“I need to know how many years of education you did have – first for your husband, then yourself and then your daughter.”
“Benjamin and I only got as far as the 8th grade. It was important that we got earning money in those days or helping in the house, and only a very few of our friends got to go on to high school. But Vivian has finished high school.”
“Can I ask where you were born. And your husband and daughter.”
“All of us in Minnesota.”
“And where were you living in 1935 – five years ago?”
“Now the questions are about work. Were your husband and daughter in work last week – specifically the week from the 24 to the 30th of March?”
“Yes, of course, they were.”
“And were you in work during that week?”
“You mean other than doing all the washing and ironing and cleaning and cooking and sewing
and mending and gardening and canning ?”
“Yes, I mean paid work.”
“Were you involved in any of the unpaid emergency work for the government, such as the WPA NYA or CCC?”
“I don't even know what those mean, but the answer is no.”
“Work Progress Administration and National Youth Administration are both aimed at providing jobs for the unemployed on public projects funded either by the federal or state or even local agencies. The CCC is the Civilian Conservation Corps which was set up for the unemployed, and to some extent for veterans and Indians, to give them work in the Conservation of Natural Resources.”
“The answer is still no.”
“I really don't mean to offend you, Mrs. Beach, but I have to ask these questions, even if I thought I knew the answers already. The form isn't saying you should be working – only asking if you were in work in some capacity. They also want to know if you were trying to get work during that week?”
“No, I was not, and won't be next week or the week after, of the month after, or the year after, thank you very much.”
I laughed, and said, “I think you have made your point. And might I say how lovely your house and garden look,” trying to get her into her good book again.
“One last question about work, and that is have you ever had paid employment?”
“So you could say that you spend your time doing unpaid housework.”
“Now comes the section about those who are employed, and the first question is how many hours did your husband and your daughter work last week?”
“He worked 48 and she worked 44.”
“What is your husband's occupation?”
“He's a buyer of produce.”
“And what about your daughter?”
“She works as a bookkeeper for a furniture company. Do you want to know the name?”
“No. Now again, a slightly odd question, but I need to know if your husband and daughter are salaried, or are paid by government work, or if they are self employed and are in fact employers themselves, or whether they work for nothing.”
“How stupid can you get? You must already know the answer. They are both salaried. And I expect now you want to know how much they earn, do you?” she said rather aggressively.
“Yes, I'm afraid I do.”
“What if I say it is none of your business?”
“I would have to come back and ask them directly. If they still refused to reply, I would have to refer the matter to my boss, who might come back and ask again.”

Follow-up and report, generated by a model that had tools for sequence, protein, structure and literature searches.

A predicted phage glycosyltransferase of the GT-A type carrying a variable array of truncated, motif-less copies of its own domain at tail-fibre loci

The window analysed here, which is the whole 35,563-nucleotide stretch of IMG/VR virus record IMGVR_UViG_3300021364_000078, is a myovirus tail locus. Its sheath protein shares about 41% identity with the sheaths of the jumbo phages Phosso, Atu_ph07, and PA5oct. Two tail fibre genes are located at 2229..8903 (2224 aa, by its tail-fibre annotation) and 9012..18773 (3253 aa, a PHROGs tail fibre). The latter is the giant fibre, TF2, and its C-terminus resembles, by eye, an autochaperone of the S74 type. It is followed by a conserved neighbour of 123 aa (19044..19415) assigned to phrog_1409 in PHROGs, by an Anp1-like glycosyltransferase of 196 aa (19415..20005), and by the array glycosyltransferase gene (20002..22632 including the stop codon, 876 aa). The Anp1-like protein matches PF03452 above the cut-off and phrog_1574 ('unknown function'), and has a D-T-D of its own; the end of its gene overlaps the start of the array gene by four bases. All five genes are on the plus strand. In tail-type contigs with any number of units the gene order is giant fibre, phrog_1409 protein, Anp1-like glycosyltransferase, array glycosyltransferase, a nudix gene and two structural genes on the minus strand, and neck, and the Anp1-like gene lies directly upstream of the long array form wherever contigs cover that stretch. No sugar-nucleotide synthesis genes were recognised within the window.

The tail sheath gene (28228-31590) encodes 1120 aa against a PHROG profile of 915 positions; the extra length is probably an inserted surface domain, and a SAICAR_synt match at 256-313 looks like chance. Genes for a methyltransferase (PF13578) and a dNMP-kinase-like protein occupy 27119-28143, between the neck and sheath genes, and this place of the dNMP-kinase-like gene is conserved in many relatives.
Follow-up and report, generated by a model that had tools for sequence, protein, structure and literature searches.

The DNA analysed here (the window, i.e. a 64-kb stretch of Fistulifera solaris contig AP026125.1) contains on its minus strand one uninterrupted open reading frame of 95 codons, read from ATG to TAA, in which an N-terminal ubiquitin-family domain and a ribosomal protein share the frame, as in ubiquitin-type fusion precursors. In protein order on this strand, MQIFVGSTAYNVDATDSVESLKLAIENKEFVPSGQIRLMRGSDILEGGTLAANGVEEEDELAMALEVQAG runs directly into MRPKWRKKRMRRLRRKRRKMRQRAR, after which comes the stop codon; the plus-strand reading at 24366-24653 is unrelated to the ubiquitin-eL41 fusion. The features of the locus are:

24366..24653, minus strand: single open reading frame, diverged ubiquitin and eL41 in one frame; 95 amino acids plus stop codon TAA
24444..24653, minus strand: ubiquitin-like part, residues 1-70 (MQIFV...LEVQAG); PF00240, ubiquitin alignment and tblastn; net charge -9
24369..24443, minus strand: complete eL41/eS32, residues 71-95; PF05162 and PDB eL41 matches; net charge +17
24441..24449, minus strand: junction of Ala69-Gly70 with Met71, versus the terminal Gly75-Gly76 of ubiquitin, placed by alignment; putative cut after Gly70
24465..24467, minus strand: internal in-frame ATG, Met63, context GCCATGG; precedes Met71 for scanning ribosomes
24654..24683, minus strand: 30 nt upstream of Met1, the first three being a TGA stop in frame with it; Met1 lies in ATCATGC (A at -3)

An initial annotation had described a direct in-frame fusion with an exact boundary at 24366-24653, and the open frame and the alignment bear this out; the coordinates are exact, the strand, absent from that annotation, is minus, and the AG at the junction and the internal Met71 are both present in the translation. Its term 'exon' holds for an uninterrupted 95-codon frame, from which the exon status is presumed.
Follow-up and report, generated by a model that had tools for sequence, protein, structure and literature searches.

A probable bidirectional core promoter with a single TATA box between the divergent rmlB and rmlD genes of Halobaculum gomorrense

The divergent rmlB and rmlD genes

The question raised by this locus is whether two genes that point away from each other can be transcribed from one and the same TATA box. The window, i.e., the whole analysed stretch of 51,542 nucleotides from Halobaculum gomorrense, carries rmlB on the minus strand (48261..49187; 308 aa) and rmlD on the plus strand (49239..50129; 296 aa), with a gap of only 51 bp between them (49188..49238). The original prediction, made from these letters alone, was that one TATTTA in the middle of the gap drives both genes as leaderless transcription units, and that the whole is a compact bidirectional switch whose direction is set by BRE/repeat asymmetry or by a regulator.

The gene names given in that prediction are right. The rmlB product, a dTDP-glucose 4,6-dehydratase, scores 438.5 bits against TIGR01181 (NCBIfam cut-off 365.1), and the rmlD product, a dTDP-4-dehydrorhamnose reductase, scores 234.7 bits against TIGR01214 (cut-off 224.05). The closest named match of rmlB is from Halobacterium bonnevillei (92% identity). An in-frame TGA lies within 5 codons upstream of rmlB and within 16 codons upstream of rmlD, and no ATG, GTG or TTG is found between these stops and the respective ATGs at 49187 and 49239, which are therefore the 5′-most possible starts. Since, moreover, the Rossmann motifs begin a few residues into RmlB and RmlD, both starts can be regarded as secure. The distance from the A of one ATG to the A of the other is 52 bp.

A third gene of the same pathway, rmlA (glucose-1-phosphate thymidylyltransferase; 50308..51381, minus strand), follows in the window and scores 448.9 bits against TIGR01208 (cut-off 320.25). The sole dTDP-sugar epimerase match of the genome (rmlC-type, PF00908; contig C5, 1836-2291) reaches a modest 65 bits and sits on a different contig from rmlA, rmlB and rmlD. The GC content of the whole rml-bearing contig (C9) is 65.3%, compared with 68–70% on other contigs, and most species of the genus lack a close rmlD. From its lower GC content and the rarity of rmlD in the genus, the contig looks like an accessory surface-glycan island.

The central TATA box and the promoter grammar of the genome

“Well, I will tell you this much. My daughter makes $60 a month. And my husband has never told me how much he makes, and I have never asked him.”
“Well, my husband also works as a buyer in the food industry – in meat, and he makes about $100 a month, so if you agree, I will put that down in pencil, and if your husband wants me to change it upwards or downwards, he can let me know.”
“Is this to find out if we've paid the right amount of tax?”
“This has nothing to do with tax, and these records will be kept secret for at least 70 years, so we will all be long dead when anyone outside the Census office sees anything that has been written here.”
“Have you finally finished?”
“One more question, and you might not know the answer to this one either. Does your husband have other sources of income as well as his paid job. For instance does he have any investments or property that he is renting, or something like that?”
“I don't know, but why don't you leave it blank, and when I ask him about his salary, I can check with him again. Why don't you pop in again tomorrow, and I will let you know what he has said.”
So I gathered up my papers and made a move for the door. I checked on my watch. I had arrived just after 10 and it was now quarter past 11. I certainly wasn't going to get my target number of entries today unless I made it much easier somehow.
“Well, thank you very much for your time, Mrs. Beach. I appreciate you helping with the form in this way. I again apologize if I offended you with any of the questions, but I am being paid to ask those specific questions, and I will get in trouble if I leave things blank. So I will call in tomorrow and you can tell me the answer to those last questions you are uncertain about. Good bye for now.”
And she shut the door so quickly on me, I could almost say slammed.
I was intending to tell you about others that I saw, but it will have to wait for another letter on another day, as I am absolutely bushed.
Love from your sister,